Roy T. Dodge, a quiet, courtly man who has supervised the building of the Washington Metro from the first $12 million contract in 1969 to the $3.3 billion system that is now completed or under construction, announced his retirement yesterday.
Dodge, 60, a retired brigadier general in the Army Corps of Engineers, told Metro General Manager Theodore C. Lutz that he did so with regret, but that "after 10 1/2 demanding years I feel it is time to attend to personal and family plans."
He has no plans to work and will stay in the Washington area, he told reporters. "Three years ago I bought a grandfather clock kit. It's still in the cartons," he said.He retirement will be effective May 1.
When he leaves, almost one-fourth of Metro's planned 100-mile system will be in operation and construction will be under way to complete a total of 60 miles.
Dodge and the other Corps of Engineers cadre around him have been accused of building a Cadillac when the region could get by nicely with a Chevrole. Metro's total construction bill, originally estimated at about $2.5 billion for the 100 miles, has been pushed to more than $5 billion, largely because of inflation and political delays.
At the same time, Dodge has forged a remarkable reputation for integrity, the first word used by both friends and critics of Metro to describe him. There have been no scandals in the construction of the nation's largest public works project.
Roy Dodge is the only man with enough internal clout in Metro's contractor selection process to direct dollars to a specific firm.
He conceded that in an interview last October. "I could direct that (a selection board) go one way and favor a specific contrator," he said. "But it doesn't work that way.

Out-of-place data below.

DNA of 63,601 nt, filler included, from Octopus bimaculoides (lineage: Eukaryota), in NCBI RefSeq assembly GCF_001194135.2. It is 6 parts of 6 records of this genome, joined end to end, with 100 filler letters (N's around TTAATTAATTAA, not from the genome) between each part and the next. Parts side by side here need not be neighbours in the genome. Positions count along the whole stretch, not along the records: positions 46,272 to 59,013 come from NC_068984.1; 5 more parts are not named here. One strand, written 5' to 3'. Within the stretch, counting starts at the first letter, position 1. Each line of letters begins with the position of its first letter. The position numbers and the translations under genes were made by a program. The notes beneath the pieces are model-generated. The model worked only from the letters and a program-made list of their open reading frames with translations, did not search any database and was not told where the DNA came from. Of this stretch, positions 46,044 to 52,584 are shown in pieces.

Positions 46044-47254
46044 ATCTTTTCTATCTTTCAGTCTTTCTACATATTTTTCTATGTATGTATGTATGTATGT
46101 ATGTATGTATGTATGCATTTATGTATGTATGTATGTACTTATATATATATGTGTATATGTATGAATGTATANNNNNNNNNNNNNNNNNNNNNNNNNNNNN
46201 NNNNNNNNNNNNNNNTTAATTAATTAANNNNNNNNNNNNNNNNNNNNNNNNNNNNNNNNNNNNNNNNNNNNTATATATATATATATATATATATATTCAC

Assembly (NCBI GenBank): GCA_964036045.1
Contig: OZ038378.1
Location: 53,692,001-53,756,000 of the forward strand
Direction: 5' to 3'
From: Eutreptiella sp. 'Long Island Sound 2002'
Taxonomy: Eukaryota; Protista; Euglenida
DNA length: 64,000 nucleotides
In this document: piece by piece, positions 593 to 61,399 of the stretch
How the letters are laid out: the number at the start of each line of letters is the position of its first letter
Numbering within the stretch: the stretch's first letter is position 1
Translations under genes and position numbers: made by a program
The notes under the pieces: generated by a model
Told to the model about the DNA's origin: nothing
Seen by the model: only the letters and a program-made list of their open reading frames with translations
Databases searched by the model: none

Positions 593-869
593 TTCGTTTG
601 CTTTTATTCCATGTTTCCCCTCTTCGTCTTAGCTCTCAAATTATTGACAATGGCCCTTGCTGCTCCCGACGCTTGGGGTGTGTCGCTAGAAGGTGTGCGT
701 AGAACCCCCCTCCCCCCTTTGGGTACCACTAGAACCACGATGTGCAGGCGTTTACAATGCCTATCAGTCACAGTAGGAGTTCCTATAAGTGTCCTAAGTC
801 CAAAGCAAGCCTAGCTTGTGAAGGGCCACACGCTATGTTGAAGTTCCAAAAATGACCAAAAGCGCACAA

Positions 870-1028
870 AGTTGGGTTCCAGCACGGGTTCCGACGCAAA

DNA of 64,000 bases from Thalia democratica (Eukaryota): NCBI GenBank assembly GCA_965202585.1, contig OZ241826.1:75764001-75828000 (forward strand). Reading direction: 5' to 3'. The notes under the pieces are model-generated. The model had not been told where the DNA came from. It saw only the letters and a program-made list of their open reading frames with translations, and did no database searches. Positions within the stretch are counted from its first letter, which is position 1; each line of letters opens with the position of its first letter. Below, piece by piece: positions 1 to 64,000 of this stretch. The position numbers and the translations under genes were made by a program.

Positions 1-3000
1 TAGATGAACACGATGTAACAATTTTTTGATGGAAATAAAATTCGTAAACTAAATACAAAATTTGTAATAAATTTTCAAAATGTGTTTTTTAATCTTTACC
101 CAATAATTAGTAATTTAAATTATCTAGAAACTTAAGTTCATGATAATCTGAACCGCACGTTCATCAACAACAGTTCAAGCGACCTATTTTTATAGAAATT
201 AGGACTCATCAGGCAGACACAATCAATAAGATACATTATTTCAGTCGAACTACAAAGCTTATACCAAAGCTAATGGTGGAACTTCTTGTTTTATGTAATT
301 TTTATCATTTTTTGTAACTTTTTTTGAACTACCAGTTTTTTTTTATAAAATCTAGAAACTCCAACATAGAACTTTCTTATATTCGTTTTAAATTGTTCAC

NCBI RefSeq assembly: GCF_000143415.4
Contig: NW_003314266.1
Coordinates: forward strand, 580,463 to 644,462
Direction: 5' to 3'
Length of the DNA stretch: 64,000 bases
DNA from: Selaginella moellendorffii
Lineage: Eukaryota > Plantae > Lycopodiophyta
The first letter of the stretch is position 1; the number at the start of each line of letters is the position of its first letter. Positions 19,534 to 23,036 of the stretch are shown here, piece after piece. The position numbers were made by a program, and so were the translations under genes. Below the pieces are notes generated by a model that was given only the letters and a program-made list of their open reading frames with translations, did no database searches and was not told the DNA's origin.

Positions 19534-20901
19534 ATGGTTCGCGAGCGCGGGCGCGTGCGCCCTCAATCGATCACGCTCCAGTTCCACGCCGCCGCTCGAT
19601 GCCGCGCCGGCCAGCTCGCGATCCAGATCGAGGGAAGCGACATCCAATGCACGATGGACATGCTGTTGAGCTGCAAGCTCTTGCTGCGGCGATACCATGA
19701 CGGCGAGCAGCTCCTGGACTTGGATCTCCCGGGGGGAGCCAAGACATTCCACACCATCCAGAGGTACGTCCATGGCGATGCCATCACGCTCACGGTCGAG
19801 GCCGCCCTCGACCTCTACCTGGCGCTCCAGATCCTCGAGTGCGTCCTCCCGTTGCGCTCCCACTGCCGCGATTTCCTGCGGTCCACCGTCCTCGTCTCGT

"There is an invitation for political influence here," he said. "Early on (in Metro construction) we had a lot of letters from congressmen. But they died down over the years. I think construction firms realized that that had little effect.
"We have made a concerted effort to spread the work around and have used up to 40 firms."
Dodge was brought to Metro by his former military superior, Jackson Graham, another retired general. Over the years, Dodge was one of the few people who were considered close to Graham, the general manager who actually got the politics and the money together to put Metro in the ground.
Graham retired just before Metro's first subway line opened in March 1976. He and Dodge remained close. Graham called Dodge after a construction accident in the Washington Channel resulted in a flood that closed the Blue Line in late August.
Dodge said yesterday that he called Graham on Wednesday night to tell him his retirement would be announced at yesterday's Metro Board meeting. "Jack though it was great and asked me to come out and see him," Dodge said. Graham has retired to California.
Dodge is the last of Graham's original key lieutenants still with Metro. Dodge's two top assistants also are expected to retire within the next one to two years. This means that Lutz will have to rebuild the top management of his construction team at the same time Metro's financial and political base is undergoing intense local and federal scrutiny.
Dodge has supervised some impressive engineering projects in his 29 years with the Corps and 10 years with Metro. He received national attention in 1966 when, as chief of the Corps of Engineers' north central division, he announced the plan to turn off Niagara Falls so repairs could be made.
He resented the Corps' reputation with civilians for bulding overdesigned, expansive projects and said so in October. "When you're in heavy construction, underground, yet get into a lot of trouble," Dodge said. "The Corps hasn't designed these projects: they were all done by civilian design firms."